The Maritime India Vision-2030, a 10-year blueprint with the aim of overhauling the Indian maritime sector, envisages ₹3 lakh crore investments in port projects that in turn promises to generate employment for 20 lakh persons.

Prime Minister Narendra Modi unveiled the Maritime India Vision (MIV) 2030 on Tuesday while inaugurating the three-day Maritime India Summit 2021, participated by 24 nations.

“Maritime India Vision 2030 would involve an investment of over ₹3 lakh crore, which would generate more than 20 lakh jobs and unlock annual revenue potential for major ports worth over ₹20,000 crore,” according to the Ministry of Ports, Shipping and Waterways’ document.

As per the document, ₹1-1.25 lakh crore investments are planned in augmenting the infrastructure of major ports, which would help in creating 7-10 lakh jobs.

It envisages developing mega capacity ports in high potential areas of Gujarat, Maharashtra and Odisha-West Bengal Cluster at an investment of over ₹80,000 crore.

The government plans to increase the transshipment volumes of Indian cargo at Indian ports from 25 per cent in 2020 to more than 75 per cent by 2030 by operationalisation of Vizhinjam port and development of Transshipment zone in Kanyakumari and Champbell Bay.

Initiatives to enhance Ease of Doing Business are planned under it which include implementing Enterprise Business System (EBS) to simplify and digitize processes across Major Ports by 2021, developing National Marine Logistics Portal to implement 100 per cent paperless processes including online payment and implementing unified ship e-registration portal.

“Port-led industrialization would help realise a revenue of over ₹10,000 crore for major ports, while generating a cost savings of ₹20,000 crore,” it said.

It said shift from road/rail to costal shipping could generate cost savings of ₹9,000-10,000 crore.

It plans the development of green sustainable ports with an aim to increase the share of renewable energy to over 60 per cent by 2030 from current levels of less than 10 per cent besides promoting waste to wealth through sustainable dredging and domestic ship recycling and aims at reaching the target of Zero Accident Ports by 2022.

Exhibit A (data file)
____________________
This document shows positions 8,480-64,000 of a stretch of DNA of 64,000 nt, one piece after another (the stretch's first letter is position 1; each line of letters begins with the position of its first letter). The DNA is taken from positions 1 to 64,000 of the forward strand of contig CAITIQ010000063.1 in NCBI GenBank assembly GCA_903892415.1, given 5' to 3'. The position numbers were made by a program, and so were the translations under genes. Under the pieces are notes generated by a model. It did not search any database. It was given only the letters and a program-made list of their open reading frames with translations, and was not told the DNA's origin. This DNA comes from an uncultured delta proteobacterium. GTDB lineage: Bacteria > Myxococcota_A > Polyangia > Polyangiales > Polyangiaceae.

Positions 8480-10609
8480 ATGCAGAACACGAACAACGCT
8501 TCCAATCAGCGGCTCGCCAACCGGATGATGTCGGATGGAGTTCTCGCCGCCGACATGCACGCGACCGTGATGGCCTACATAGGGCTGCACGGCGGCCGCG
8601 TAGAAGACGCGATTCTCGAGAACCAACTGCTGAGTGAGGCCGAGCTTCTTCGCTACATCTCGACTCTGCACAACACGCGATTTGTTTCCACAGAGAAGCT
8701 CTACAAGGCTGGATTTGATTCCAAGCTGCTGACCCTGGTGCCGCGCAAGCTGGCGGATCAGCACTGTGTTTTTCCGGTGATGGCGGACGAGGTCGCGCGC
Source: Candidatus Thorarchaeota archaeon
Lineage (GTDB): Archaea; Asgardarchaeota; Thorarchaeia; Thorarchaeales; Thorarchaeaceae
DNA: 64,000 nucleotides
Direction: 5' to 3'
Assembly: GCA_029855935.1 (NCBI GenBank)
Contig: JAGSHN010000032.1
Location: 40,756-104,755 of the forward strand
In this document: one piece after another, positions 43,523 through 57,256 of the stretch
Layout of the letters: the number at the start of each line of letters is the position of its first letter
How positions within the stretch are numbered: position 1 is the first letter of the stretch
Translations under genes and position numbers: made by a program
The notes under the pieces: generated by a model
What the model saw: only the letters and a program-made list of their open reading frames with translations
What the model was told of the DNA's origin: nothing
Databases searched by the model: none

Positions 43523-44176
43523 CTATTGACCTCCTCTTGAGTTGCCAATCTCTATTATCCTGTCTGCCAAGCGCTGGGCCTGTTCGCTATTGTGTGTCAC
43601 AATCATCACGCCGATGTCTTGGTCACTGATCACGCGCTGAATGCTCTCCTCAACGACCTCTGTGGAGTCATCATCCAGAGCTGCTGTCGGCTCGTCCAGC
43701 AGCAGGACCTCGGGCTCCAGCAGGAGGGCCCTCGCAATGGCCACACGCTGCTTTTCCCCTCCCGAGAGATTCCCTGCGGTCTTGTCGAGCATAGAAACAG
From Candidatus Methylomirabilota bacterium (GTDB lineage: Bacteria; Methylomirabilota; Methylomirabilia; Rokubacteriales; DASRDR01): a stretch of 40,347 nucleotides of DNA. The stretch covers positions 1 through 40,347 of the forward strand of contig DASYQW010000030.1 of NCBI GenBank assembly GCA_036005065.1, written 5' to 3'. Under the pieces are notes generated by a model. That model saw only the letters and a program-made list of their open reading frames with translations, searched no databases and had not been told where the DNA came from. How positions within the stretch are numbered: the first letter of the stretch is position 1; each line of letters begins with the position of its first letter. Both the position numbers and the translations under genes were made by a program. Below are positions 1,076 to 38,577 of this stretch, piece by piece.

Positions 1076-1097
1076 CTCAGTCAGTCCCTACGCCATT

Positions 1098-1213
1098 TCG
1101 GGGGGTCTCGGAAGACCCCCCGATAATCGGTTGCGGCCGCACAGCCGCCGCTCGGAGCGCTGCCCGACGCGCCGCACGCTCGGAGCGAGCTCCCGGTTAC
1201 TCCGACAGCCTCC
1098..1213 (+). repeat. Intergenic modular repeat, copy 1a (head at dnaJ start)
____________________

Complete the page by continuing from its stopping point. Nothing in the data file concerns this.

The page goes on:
Also, the policy focuses on ‘Make in India, Make for the world’ and thereby becoming a leading ship building country by 2030 through 15 times increase in the gross tonnage of ships built in India.

It envisages setting up a maritime development fund to provide low cost, long term funding to maritime sector stakeholders besides enhancing cruise infrastructure by developing dedicated cruise terminals at 12 selected ports.

Also, development of five themes will be promoted for cruise tourism – pilgrim, heritage, ayurvedic & wellness, island tourism and regional international circuit (India, Sri Lanka, Myanmar and Thailand).

The policy plans incentivising global cruise liners to make India their home port and emphasises on strengthening the maritime institutions to enhance India’s training and development capabilities at par with global standards.

This would help in increasing India’s share of seafarers from 12 per cent at present to over 20 per cent.

Prioritising development of 23 national waterways is planned under it with maximum potential in Phase 1 besides increasing the cargo movement from 73 million tonne per annum (MTPA) to over 200 MTPA.

It will also focus on the development of eastern waterways connectivity transport grid for enhancing regional connectivity and reducing cost of transportation from Bangladesh, Nepal, Bhutan and Myanmar, as per the document.

Earlier Minister of Ports, Shipping and Waterways Mansukh Mandaviya had chaired a series of extensive brain storming sessions with chairpersons of all major ports and senior officials of the ministry to come out with plans to simplify and smoothen the operations of major ports to convert ports in ”smart ports” and further ‘intelligent ports’ as envisioned in Maritime India Vision-2030.

Source: Live Mint